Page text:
He was born at Old Oscott in Staffordshire, to a Roman Catholic farming family which, according to local tradition, had already produced several priests. He entered the English College, Lisbon in 1668, was ordained about 1672, and returned to Staffordshire to take up his mission. His home county had one of the strongest Catholic communities in England, and it had for many years enjoyed a certain degree of immunity from the Penal Laws due to the fact that Walter Aston, 2nd Lord Aston of Forfar, a wealthy local landowner, was a Catholic who made little attempt to conceal his beliefs, and raised his children in the same faith.
Bromwich took the crucial precaution, which ultimately saved his life, of swearing the Oath of Supremacy and the Oath of Allegiance. Prior to the outbreak of the Popish Plot it was understood that priests who could prove that they had taken the oaths were to be left in peace, and even at the height of the hysteria caused by the Plot judges were often disposed to be merciful to them.
During the Popish Plot, Walter Aston, 3rd Lord Aston of Forfar, who had just succeeded to his father's title and estates in Staffordshire, and his unofficial role of protector of the local Catholic community became a target of the informers. He had dismissed his steward, Stephen Dugdale, for gambling and Dugdale in revenge turned informer. His intelligence, charm and superior social standing were a marked contrast to the unsavoury earlier informers like Titus Oates and William Bedloe, and as a result even King Charles II, who had previously been a complete sceptic on the subject, "began to think there was somewhat in the Plot". After some hesitation Dugdale directly accused Lord Aston of treason, and as a result Aston went to the Tower of London, though he was never brought to trial and was released on bail a year later. He did not return to prison. The removal of their powerful patron exposed the Staffordshire Catholics to the full rigours of the Popish Plot: Kenyon notes that once the initial hysteria abated, Staffordshire was one of the few parts of England outside London where the Plot really took hold.
Bromwich was tried at the Stafford Assizes in August 1679 with the Jesuit William Atkins (1601-1681) who was so old and frail that even the most ardent believers in the Plot must have had some difficulty in seeing him as a conspirator. In fact unlike earlier victims of the Plot, Bromwich and Atkins were charged only with acting as Catholic priests in England, but even so they were liable to the death penalty under the statute of 1585 "against Jesuits and Seminarians". They were tried before the Lord Chief Justice, Sir William Scroggs, who was a convinced believer in the Plot, and, though tolerant enough of the Catholic laity, violently prejudiced against the priesthood. In the event, he was prepared to be merciful to these particular priests, but not until the guilty verdict was in, and both the jury and the accused were subjected to his notorious bullying manner. Bromwich's plea that he had taken the oaths was dismissed as a lie: "you priests are full of tricks" – most unjustly, since Scroggs himself later admitted that the plea was true. The jury were treated to a tirade by Scroggs on the evils of the priesthood : "It is to these sorts of men we owe all the troubles we are in, the threat to the King's life, the subversion of our government, and the loss of our religion." Not surprisingly both Bromwich and Atkins were found guilty.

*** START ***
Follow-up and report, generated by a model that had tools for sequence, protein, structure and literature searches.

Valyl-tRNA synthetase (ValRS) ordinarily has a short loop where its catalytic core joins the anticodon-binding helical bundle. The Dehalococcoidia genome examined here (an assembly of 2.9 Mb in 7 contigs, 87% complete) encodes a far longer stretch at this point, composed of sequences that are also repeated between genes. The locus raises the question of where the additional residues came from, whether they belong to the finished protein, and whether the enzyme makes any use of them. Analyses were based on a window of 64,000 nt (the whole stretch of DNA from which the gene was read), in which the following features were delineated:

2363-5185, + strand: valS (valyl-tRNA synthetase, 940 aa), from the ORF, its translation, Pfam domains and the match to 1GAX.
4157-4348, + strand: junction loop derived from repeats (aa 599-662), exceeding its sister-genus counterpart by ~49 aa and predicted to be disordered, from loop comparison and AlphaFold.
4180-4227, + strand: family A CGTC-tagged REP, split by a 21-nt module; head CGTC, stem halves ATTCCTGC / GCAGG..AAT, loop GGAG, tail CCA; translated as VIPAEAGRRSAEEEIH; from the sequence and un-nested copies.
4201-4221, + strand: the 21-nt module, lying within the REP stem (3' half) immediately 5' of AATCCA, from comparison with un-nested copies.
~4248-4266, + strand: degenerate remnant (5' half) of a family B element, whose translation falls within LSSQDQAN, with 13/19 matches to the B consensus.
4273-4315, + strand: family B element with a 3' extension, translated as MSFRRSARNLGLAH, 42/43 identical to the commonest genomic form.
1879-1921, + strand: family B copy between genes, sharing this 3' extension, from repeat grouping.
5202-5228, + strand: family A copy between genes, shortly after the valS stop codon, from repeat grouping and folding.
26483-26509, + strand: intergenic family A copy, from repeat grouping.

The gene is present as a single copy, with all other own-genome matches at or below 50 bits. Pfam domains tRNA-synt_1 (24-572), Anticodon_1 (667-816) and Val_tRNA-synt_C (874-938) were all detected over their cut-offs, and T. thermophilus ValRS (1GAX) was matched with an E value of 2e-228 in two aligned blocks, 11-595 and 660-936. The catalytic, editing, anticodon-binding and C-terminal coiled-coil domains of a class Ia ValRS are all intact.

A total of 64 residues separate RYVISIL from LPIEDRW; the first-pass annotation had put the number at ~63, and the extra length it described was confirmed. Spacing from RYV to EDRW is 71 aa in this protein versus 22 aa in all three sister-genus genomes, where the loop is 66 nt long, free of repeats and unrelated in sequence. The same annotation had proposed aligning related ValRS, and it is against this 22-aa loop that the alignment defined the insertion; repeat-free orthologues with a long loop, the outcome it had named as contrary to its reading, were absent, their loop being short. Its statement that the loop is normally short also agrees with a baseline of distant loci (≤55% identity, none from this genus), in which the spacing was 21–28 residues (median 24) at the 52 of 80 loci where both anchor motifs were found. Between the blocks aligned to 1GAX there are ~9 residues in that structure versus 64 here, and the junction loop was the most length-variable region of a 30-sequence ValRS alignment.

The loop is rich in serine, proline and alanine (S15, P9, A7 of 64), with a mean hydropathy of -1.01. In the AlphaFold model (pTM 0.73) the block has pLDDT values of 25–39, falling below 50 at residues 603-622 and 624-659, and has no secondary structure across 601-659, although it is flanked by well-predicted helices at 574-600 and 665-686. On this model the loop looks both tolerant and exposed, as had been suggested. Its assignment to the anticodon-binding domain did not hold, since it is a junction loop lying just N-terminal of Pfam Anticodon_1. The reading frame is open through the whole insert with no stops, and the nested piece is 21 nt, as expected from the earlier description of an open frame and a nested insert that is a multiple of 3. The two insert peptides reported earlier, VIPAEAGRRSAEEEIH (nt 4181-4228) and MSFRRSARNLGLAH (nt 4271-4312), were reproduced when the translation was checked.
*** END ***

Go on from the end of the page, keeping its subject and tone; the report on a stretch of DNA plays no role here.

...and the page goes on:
Having secured the required verdicts, Scroggs was now disposed to be merciful. Bromwich produced proof that he had taken the oaths, which unofficially entitled him to a reprieve, while Scroggs accepted that Atkins' age and frailty made him a suitable case for clemency. Atkins died in prison in 1681; Bromwich must have been released at the latest in February 1685 when James II announced that all persecution of his Catholic subjects should immediately cease.
Under the Catholic King James, Bromwich had nothing to fear from openly practising his faith, and he resumed his ministry in Stafford. It was in these years that he founded a small mission at Oscott for the shelter, and later training, of priests. Surprisingly he was able to continue work after the downfall of King James at the Glorious Revolution: possibly he was protected by the strength of local feeling in favour of the Catholic faith. At his death he bequeathed his old family home to the mission. The mission survived and grew in the eighteenth century, and was the origin of St Mary's College, Oscott.
Bromwich died in 1702. He was buried in the family vault at Handsworth.